Dealer groups have become experts in managing in an environment of absentee ownership.

Some groups have equity participation while some do not — this is largely dependent upon the ownership philosophy.  All philosophies are different and there are many varying approaches and plans in and around our industry.

Another important area covered in Inside Automotive is growth.  Some dealer groups have national aspirations while others are purely local.   

The different philosophies of growth are based upon the wide variety of owner beliefs.  For some, growth is very strategic, while for others it is more opportunistic.     

Growth has several components and again, each dealer group is somewhat different.

Some speak of growth in terms of the number of locations; others in terms of financial fundamentals; while others regard growth in terms of creating more leaders who will explore their own opportunities as part of an expanded family.

Leadership is a management philosophy that is appearing in certain dealer groups.

Normally one thinks of leadership as leaders creating followers.

Some dealers, however, don’t want everyone to be a follower; rather, they want everyone to be empowered so that new leaders can emerge from the pack.

This requires a ton of consistency, transparency, trust, sharing of ideas, a culture of sensible risk and failure, very clear values and the courage to stick with the program.   

It was described to me as follows: “I want each of my people to do what is right when in front of the customer as though I was there with the customer myself.”

Walking the walk

Ever wonder why some dealers work bell to bell six days a week and then need to work on Sundays to keep organized?

And how about the dealer that never seems to work at all, but whose businesses are very successful?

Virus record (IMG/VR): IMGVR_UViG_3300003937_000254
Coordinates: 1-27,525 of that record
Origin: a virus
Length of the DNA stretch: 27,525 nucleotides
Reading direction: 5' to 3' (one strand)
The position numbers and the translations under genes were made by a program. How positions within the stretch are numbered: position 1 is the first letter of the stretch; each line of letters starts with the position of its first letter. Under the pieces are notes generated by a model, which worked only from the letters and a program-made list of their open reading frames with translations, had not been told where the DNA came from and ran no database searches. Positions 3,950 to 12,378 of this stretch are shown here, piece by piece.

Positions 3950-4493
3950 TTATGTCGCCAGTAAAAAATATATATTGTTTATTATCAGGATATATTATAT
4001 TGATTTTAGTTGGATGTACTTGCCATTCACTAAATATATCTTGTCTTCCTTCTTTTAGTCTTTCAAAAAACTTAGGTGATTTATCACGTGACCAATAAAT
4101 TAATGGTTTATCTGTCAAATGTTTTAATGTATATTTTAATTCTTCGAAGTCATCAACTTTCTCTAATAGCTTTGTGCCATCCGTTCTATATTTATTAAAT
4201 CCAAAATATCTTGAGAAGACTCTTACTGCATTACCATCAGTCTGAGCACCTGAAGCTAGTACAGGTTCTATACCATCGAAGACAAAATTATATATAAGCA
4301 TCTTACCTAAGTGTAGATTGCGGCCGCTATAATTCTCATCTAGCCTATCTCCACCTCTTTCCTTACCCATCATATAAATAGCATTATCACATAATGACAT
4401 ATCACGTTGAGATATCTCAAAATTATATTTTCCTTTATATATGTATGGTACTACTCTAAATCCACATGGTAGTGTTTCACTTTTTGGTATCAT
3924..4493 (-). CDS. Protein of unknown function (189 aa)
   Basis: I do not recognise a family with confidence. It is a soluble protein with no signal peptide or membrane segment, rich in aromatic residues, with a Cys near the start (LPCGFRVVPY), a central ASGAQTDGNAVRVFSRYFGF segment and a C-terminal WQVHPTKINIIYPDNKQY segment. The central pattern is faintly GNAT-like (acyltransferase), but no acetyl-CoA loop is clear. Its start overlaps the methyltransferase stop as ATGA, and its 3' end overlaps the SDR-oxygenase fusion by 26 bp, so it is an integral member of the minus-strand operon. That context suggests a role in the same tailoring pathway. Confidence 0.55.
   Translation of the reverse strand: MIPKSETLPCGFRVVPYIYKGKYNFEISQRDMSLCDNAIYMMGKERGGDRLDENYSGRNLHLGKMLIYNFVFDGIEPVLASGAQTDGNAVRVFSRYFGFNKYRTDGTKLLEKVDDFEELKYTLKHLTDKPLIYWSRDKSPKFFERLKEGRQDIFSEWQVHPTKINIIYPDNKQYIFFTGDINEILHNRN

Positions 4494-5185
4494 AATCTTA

Dealership management comes in all shapes and sizes.  Many dealer principals are masters at delegation; others, masters at micro-management, while others are masters at work/life balance. How can all these different management styles yield success?

In a world where dealers are measured by sales effectiveness, market share, profitability and working capital, management and dealer groups are held to higher performance standards contained in their framework agreements.

Dealership management, both at the group and individual store levels, must be first class to meet the various degrees of expectation.    

This does not mean, however, that a dealer principal must do it all by themselves — in fact, it’s quite the opposite.

The less they actually do, the stronger the organization becomes, provided there is sufficient business activity, appropriate measurable and attainable metrics and compensation plans to entice and reinforce your dealership’s goals while encouraging the organization to perform at high standards of achievement.

Your job as dealer principal becomes “being in the know” to participate in the conversation. You also need to have the courage to get out of everyone’s way and let the good people you hired do their jobs.

Look out for Canadian auto dealer’s weekly news e-blast for Inside Automotive.